Most economists seem to be stuck in an an orthodoxy rut, leading many to wonder why we take economists so seriously:
Why all this panic, though? Aren’t economists in charge of it all? Yes. And this is the problem. These highly skilled people carry on, though they exhibit not only a lack of foresight but an astonishing lack of hindsight. Why on earth are they taken seriously when they keep getting things wrong? […]
Economics is not a science; it’s not even a social science. It is an antisocial theory. It assumes behaviour is rational. It cannot calculate for contradiction, culture, altruism, fear, greed, love or humanity at all. […]
This is economic sense as it is practised by the deliberately dumb, those who bow down before the calculation that we can have even Spanish levels of youth unemployment (40%-50%) if it reduces the deficit by the next election. Meanwhile, if you have a job, do save up for your pension, because they have gone down the pan.
“Orthodox” economics has led to the incredible increase in inequality, and to the Global Financial Crisis and Great Recession. Now the same economists want to tell us that the only way out is for us to all tighten our belts – even though their solution defies history.
As Paul Krugman puts it:
“My spending is your income, and your spending is my income. If both of us try to slash our spending at the same time, then we are also slashing our incomes, so we don’t actually end up saving more.”
“Ending this depression,” he writes, “should be, could be, almost incredibly easy. So why aren’t we doing it?”
As Ha-Joon Chang of Cambridge University shows us, history knows austerity doesn’t work – in the Great Depression, the 1982 developing world debt crisis, the 1994 Mexican crisis, the 1997 Asian crisis, the Brazilian and the Russian crises in 1998, and the Argentinian crisis of 2002.
On cutting social spending:
From 1945 to 1990, per capita income in Europe grew considerably faster than in the US, despite its countries having welfare states on average a third larger than that of the US. Even after 1990, when European growth slowed down, countries like Sweden and Finland, with much larger welfare spending, grew faster than the US.
On tax cuts for the rich ‘wealth creators’, and deregulation for business:
this was tried in many countries after 1980, with very poor results. Compared to the previous three decades of higher taxes and stronger regulation, investment (as a proportion of GDP) and economic growth fell in those countries. Also, the world economy in the 19th century grew much more slowly than in the high-tax, high-regulation era of 1945-80, despite the fact that taxes were much lower (most countries didn’t even have income tax) and regulation thinner on the ground.
The argument on hiring and firing is also not grounded in historical evidence. Unemployment rates in the major capitalist economies were between 0% (some years in Switzerland) and 4% from 1945-80, despite increasing labour market regulation. There were more jobless people during the 19th century, when there was effectively no regulation on hiring and firing.
Where Keynesianism has worked, instead orthodox economics leads us into a spiral of recession, and a continuing wealth transfer from the many to the few. We end up with programmes like the UK’s where jobseekers are forced to work for private companies for free as “work experience” – or risk losing their dole. Which has ended up with stories like the bussed-in unpaid guards of the Queen’s Jubilee River Pageant being forced to sleep rough under London Bridge before a 14 hour rain-drenched shift in a plastic poncho, and then being abandoned in the dark in North London to camp out in the rain.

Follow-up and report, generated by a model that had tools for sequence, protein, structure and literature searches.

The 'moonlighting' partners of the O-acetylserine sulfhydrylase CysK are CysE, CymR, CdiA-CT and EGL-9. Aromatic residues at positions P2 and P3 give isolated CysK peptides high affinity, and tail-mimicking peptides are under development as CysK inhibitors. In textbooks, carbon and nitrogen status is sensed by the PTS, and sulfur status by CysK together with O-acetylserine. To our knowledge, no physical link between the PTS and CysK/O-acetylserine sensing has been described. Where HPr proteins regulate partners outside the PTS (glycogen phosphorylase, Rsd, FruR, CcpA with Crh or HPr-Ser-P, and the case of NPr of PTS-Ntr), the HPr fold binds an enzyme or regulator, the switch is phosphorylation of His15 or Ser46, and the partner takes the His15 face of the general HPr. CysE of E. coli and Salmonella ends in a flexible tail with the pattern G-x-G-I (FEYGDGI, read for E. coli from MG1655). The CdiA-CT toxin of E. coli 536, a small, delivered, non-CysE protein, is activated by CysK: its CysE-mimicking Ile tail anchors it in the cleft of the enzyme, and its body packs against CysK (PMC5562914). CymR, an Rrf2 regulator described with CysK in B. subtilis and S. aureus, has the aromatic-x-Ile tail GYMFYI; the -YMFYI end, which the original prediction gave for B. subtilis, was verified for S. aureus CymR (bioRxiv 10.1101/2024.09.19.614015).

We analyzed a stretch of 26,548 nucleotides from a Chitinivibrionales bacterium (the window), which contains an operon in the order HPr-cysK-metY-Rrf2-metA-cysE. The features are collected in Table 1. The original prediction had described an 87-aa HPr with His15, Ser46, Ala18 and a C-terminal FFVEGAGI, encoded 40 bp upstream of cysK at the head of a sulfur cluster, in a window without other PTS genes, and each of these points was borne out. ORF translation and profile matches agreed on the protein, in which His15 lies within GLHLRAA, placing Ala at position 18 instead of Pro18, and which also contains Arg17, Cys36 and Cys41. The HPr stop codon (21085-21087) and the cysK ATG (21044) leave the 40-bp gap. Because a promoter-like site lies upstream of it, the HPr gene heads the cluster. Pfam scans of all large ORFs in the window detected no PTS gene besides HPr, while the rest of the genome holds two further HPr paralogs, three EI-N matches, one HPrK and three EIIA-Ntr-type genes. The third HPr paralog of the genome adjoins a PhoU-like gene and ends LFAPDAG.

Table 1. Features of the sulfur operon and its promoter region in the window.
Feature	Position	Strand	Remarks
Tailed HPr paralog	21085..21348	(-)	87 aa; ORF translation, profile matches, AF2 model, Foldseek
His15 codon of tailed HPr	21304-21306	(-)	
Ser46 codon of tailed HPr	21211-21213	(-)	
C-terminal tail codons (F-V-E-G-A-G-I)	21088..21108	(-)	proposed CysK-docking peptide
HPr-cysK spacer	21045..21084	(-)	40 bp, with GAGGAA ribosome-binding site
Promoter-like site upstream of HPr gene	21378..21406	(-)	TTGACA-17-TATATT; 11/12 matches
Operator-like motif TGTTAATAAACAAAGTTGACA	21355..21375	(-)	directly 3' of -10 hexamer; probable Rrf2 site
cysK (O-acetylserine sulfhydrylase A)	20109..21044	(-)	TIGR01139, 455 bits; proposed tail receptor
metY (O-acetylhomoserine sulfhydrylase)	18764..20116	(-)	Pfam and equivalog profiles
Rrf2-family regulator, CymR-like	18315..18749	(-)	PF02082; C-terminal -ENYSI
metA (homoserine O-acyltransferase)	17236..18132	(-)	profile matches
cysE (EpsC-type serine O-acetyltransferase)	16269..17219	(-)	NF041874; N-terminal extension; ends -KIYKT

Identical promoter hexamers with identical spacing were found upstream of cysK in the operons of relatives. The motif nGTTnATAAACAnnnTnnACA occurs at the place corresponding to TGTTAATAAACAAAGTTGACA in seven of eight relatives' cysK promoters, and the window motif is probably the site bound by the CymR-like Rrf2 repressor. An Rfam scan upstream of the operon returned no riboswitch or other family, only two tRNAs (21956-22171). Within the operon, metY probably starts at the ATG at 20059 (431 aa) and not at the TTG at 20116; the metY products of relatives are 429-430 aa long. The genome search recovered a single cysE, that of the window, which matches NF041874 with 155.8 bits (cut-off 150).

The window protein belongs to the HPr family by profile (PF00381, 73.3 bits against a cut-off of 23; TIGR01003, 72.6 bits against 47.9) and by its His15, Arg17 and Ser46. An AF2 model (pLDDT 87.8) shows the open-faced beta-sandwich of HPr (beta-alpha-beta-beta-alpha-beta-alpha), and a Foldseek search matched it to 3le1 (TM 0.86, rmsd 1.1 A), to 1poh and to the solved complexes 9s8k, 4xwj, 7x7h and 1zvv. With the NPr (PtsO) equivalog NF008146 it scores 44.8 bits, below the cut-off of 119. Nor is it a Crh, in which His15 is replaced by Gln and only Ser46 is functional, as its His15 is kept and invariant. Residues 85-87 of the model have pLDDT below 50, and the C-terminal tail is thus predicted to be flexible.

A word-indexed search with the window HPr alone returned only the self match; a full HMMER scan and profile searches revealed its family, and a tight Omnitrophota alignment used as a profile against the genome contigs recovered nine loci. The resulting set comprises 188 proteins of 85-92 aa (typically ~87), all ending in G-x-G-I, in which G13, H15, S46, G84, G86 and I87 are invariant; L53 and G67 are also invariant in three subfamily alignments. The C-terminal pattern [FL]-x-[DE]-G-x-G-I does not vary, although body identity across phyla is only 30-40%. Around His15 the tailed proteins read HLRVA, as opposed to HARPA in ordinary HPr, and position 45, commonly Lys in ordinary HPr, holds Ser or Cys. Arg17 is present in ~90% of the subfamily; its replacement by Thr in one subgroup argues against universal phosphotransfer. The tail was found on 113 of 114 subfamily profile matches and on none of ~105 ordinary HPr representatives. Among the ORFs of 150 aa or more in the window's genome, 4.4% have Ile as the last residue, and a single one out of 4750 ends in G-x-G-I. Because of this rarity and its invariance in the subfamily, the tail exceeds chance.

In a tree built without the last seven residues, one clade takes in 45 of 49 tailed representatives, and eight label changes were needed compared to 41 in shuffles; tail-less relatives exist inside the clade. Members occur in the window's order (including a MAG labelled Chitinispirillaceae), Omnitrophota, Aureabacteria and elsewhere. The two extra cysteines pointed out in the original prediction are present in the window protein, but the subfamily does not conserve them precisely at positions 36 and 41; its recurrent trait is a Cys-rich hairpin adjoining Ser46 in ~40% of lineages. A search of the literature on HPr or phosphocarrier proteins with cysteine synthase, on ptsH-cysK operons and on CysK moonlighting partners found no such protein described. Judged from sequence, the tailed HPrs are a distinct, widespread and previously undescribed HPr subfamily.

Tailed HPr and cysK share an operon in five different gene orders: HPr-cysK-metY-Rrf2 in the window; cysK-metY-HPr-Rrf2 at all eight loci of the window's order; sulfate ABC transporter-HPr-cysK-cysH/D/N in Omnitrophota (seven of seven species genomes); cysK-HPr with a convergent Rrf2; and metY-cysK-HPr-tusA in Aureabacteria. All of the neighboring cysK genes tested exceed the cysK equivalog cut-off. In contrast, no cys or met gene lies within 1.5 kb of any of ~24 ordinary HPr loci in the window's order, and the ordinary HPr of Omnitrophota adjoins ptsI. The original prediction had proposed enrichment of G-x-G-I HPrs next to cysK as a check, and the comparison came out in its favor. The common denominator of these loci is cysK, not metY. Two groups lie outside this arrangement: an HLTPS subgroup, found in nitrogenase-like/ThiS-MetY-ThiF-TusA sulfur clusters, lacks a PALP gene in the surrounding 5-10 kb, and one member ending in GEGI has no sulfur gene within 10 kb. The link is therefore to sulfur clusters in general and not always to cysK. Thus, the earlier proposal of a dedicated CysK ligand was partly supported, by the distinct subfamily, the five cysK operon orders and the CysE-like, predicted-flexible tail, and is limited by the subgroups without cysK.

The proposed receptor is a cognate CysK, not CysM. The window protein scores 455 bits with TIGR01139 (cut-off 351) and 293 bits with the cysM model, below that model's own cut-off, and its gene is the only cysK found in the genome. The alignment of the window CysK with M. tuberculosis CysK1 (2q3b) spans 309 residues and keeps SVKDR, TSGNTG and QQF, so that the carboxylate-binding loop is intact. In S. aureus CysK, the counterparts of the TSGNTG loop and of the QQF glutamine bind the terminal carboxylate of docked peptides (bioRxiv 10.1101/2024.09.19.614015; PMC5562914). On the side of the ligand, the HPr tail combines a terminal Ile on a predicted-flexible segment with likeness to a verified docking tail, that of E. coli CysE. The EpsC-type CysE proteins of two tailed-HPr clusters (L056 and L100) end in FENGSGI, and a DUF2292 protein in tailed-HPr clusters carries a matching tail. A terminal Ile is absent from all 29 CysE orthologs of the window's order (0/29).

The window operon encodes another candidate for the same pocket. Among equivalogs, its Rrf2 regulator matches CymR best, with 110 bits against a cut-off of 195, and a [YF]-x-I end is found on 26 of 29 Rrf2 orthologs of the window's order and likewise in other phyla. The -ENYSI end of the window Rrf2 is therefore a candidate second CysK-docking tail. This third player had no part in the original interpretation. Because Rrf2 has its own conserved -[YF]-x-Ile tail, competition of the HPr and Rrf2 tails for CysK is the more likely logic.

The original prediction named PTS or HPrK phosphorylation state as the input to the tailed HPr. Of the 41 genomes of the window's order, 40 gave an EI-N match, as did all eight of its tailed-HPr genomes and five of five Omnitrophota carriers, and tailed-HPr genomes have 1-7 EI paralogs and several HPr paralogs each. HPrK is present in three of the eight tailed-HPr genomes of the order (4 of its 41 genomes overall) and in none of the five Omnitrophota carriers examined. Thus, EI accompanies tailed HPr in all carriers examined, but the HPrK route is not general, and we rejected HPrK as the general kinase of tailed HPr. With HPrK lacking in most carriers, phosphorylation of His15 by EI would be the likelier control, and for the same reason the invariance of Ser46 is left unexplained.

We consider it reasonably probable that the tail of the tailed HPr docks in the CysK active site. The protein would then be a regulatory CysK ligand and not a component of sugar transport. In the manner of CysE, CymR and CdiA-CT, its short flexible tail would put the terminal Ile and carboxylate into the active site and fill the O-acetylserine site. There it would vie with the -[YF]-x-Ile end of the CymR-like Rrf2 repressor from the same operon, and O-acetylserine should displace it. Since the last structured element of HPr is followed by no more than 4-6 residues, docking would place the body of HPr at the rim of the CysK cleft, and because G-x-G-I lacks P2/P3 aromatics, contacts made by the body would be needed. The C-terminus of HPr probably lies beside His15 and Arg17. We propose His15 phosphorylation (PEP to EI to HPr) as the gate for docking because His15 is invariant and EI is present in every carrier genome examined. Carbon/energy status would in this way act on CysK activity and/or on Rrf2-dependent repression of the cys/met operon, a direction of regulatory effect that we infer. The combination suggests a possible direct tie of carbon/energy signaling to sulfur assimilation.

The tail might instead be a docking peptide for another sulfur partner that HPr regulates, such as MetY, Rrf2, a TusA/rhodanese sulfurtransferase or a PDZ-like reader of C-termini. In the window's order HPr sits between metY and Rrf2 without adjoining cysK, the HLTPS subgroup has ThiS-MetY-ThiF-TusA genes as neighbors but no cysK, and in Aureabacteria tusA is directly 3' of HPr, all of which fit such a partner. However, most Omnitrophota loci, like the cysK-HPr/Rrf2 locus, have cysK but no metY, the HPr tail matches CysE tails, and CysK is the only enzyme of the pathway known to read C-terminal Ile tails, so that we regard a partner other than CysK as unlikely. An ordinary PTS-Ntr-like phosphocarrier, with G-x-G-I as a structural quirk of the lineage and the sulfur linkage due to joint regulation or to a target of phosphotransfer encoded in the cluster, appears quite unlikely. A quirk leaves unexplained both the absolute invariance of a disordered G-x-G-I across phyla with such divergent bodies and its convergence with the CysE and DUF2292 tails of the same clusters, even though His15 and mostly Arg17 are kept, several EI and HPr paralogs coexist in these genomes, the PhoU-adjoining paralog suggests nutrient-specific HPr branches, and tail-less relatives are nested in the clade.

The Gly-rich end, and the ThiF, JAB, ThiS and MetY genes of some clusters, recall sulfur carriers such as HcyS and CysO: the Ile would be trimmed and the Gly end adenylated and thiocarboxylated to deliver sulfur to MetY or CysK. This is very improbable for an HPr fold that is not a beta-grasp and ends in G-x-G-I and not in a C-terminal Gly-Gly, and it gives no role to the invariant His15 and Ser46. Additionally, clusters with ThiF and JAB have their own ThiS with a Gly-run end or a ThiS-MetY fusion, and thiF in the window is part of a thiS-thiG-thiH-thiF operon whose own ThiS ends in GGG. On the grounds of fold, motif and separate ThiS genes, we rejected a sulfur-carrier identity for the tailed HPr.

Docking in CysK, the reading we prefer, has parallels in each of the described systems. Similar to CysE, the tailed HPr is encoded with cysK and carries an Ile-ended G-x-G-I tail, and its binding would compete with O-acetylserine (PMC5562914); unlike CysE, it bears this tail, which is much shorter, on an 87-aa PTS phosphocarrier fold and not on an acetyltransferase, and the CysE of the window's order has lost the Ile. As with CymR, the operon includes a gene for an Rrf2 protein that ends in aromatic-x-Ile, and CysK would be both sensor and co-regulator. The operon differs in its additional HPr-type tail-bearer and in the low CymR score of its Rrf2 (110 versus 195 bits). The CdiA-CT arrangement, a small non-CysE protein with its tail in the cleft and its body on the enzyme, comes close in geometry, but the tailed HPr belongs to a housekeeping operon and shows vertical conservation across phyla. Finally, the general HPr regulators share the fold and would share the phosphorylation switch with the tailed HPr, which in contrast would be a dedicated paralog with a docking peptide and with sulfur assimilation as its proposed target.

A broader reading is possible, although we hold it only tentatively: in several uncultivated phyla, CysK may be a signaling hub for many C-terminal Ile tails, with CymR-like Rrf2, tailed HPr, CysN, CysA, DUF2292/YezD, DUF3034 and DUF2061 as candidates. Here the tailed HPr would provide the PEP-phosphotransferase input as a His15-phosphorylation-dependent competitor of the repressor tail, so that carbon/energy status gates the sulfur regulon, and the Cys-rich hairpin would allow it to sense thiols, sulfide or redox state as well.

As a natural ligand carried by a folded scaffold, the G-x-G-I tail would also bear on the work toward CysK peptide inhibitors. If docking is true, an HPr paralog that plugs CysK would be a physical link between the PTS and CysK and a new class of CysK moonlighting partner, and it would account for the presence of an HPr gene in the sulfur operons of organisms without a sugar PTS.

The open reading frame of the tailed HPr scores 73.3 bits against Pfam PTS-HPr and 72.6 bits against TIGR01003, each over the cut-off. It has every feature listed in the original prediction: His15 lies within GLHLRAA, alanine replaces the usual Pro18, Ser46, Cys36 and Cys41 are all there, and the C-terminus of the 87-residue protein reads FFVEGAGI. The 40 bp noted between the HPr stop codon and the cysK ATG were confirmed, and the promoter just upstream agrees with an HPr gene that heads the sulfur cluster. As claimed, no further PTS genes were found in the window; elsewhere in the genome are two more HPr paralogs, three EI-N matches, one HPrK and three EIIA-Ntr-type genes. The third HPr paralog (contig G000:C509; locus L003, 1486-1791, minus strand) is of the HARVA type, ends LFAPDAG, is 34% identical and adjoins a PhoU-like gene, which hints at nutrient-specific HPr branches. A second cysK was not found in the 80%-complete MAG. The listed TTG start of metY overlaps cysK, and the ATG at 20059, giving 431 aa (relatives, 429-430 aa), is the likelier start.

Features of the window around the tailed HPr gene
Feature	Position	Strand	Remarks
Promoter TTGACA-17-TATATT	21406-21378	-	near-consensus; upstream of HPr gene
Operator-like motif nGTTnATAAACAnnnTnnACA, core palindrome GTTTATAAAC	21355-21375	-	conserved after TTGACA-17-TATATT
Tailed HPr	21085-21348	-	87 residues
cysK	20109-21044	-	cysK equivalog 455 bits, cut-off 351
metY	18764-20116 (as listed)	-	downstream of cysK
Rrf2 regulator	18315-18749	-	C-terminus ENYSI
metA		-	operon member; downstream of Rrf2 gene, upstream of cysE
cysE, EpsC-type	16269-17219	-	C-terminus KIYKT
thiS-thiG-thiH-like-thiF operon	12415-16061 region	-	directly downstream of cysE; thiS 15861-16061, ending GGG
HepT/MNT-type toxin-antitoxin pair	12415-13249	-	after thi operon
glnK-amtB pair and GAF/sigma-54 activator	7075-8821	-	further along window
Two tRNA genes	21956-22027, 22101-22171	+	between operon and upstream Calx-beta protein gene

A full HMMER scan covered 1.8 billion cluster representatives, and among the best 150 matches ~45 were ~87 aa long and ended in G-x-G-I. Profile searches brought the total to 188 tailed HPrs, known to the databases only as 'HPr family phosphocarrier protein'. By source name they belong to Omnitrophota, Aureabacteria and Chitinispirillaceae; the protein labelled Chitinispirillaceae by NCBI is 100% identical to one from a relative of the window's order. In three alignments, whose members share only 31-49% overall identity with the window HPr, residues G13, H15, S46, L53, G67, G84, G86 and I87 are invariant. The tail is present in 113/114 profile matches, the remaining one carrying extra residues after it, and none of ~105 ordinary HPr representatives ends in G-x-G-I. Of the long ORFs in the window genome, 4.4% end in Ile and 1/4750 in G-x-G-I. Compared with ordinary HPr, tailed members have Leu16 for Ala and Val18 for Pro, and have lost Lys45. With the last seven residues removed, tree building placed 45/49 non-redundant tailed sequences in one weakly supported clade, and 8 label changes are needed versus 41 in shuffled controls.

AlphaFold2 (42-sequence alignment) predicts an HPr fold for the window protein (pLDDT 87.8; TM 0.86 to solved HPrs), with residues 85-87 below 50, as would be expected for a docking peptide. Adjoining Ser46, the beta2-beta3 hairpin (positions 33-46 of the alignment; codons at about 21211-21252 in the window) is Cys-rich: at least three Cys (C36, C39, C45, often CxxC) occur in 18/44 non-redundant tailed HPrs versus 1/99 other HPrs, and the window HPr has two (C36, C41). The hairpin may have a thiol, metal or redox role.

And stories of how the public sector cuts are hurting those who are already vulnerable. (Will we get such stories in our papers?)
Michael Meecher, UK Labour MP has an alternative source of funding for the public sector plus a stimulus. If the richest 1000 people in Britain (the 0.003%) paid a capital gains tax on the £155bn increase in wealth they’ve had since the GFC, there’d be a fund to create 1.5 million jobs. That would really kick-start their economy.
There are other economists who think that the likes of Paul Krugman and other neo-Keynesians – while better than the Austerions – still have it wrong. Professor Steve Keen would have a Jubilee bond to break us out of the debt that he suggests is the cause of stagnation, deflation and depression. Essentially instantly inflating us out of the problem, there still seems a fairly strong consensus of the need for greater regulation and less cheap debt among the non-Austerions – versus those who are just desperate to get us back to Business As Usual.
But whether Business As Usual is moral is a question we need to ask:
Do we want a society where 50% of young people are kept out of work in order to bring the deficit down from 9% of GDP to 3% in three years? A society in which the rich have to be made richer to work harder (at their supposed jobs of investing and creating wealth) while the poor have to be made poorer in order to work harder? Where a tiny minority (often called the 1% but more like the 0.1% or even 0.01%) control a disproportionate, and increasing, share of everything – not just income and wealth but also political power and influence (through control of the media, thinktanks, and even academia)?
I hope to hear discussion of all these ideas from some of New Zealand’s more free-thinking economic types at The Voyage tomorrow. Bernard Hickey certainly has some different ideas on how to structure our economy; Rod Oram is no fan of Bill English’s slash, burn and sell economics; and Rick Boven recognises the importance of the environment in our (and the world’s) economic future, as we pass tipping point for our unsustainability… It should be a great event.